Day: Standing knee-deep in holes dug for 10-diameter "deadmen," or logs that stabilize the top layer of the retaining wall, watching water pool as the shovels dive deeper.
Night: Sitting on the porch and strumming guitars, pooling our creative energies to compose a half-serious, seven-minute song about how to change to world (You need at least four people; think The Beatles). Jam session extraordinaire. Our band name is "The Lone Wolves," after Elysa Wolf Chao, our crewmember.
Day: Searching the forest for suitable trees to cut for timber steps, settling on two tall, straight white pines. Switching from the best hardwood to the least desirable softwood is frustrating, but necessary, as most of remaining locust is dead, too big, or unsafe to fell.
Night: Sifting through the fascinating farmhouse library and conducting a scavenger hunt for: bird books from every state (17 so far), the oldest book (1831: Architecture of Birds) and the newest book (1996: The Case for Mars: The Plan to Settle the Red Planet and Why We Must). A hollow ostrich egg twice the size of a grapefruit sits above the top shelf.
Day: Seeing a red-tailed hawk swoop across the trail and alight on a nearby snag (dead tree).
Night: Witnessing an earthbound starscape of green lights as fireflies fill the field beyond our tents.
In a necessary dichotomy, we value life but also cut trees. On this hitch, each of the four sawyers (myself included) in our group has felled a tree. Sometimes I struggle with this. To de-stress after a long day on the trail, I either run or write. Since I hurt my knee last hitch and can't run, it's onto writing.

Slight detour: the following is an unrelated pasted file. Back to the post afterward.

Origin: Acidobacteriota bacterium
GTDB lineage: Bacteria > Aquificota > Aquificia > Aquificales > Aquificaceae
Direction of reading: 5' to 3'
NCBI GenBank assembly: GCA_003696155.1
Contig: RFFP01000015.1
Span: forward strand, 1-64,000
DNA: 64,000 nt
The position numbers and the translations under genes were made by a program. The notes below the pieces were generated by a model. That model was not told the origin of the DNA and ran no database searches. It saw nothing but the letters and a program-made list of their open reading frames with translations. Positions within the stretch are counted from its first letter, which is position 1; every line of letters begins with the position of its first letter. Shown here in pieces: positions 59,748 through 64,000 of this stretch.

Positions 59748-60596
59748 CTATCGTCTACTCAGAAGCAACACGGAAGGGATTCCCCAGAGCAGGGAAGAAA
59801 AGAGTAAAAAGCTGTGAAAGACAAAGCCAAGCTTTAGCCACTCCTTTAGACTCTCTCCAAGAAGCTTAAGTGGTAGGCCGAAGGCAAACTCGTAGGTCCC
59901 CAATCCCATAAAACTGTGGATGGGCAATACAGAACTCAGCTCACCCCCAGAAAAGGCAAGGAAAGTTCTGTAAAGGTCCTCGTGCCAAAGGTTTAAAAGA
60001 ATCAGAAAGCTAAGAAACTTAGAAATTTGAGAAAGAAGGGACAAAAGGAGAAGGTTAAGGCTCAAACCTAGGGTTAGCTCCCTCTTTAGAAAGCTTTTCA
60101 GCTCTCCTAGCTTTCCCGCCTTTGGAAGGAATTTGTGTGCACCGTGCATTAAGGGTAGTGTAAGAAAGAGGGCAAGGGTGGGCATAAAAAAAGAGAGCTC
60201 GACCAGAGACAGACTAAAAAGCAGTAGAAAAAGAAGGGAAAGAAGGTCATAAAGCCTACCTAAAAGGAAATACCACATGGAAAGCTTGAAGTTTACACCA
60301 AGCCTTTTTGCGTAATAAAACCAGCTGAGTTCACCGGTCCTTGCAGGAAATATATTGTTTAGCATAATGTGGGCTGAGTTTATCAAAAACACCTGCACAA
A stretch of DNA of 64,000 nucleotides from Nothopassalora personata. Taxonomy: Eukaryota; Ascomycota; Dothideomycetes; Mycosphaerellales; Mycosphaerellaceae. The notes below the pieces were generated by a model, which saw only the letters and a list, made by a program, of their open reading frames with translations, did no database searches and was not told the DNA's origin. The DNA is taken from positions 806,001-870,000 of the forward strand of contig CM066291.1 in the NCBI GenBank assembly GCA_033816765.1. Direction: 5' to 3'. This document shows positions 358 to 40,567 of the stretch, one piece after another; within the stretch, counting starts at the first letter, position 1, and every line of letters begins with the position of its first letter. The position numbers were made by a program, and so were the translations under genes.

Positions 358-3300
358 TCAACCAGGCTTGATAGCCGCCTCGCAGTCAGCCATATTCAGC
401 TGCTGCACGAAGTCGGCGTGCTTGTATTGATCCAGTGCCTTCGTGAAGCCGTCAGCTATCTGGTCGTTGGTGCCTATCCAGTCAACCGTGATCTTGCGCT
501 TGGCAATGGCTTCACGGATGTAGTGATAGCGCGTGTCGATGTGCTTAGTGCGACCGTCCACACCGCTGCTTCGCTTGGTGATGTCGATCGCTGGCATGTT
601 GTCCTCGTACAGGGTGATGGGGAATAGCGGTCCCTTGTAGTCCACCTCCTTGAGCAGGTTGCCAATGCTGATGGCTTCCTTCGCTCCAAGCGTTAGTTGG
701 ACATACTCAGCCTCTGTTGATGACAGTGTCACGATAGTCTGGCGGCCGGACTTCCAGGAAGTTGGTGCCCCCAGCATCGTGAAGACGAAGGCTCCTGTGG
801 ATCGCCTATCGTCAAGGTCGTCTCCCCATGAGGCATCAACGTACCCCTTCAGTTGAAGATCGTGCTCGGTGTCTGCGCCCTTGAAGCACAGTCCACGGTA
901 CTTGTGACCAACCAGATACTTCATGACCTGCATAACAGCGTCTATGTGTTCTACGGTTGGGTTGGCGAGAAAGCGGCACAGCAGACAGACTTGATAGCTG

The following is a poem I wrote when I felled my first tree (a hemlock) in the field.
I am not a monk
Waiting patiently for ants
To pass with the rain.
I am the queen bee
Buzz of the chainsaw thorough
In my destruction.
Displaced logs decay
Like memories of the places we love after we leave them
With our relentless caresses
Footfalls like waves creating sand and shifting perspectives.
Mountain laurel makes way for trails and trillium
Flowers are our infinite friends
Whom we know by name.
What do you call roots taut in your hands?
A prayer for every plant and I'd say mantras till Monday.
If karma exists
Is it impartial?
Does it care about sacrifice?
Or only see the value in each life?
I am certain of the unknowable answer.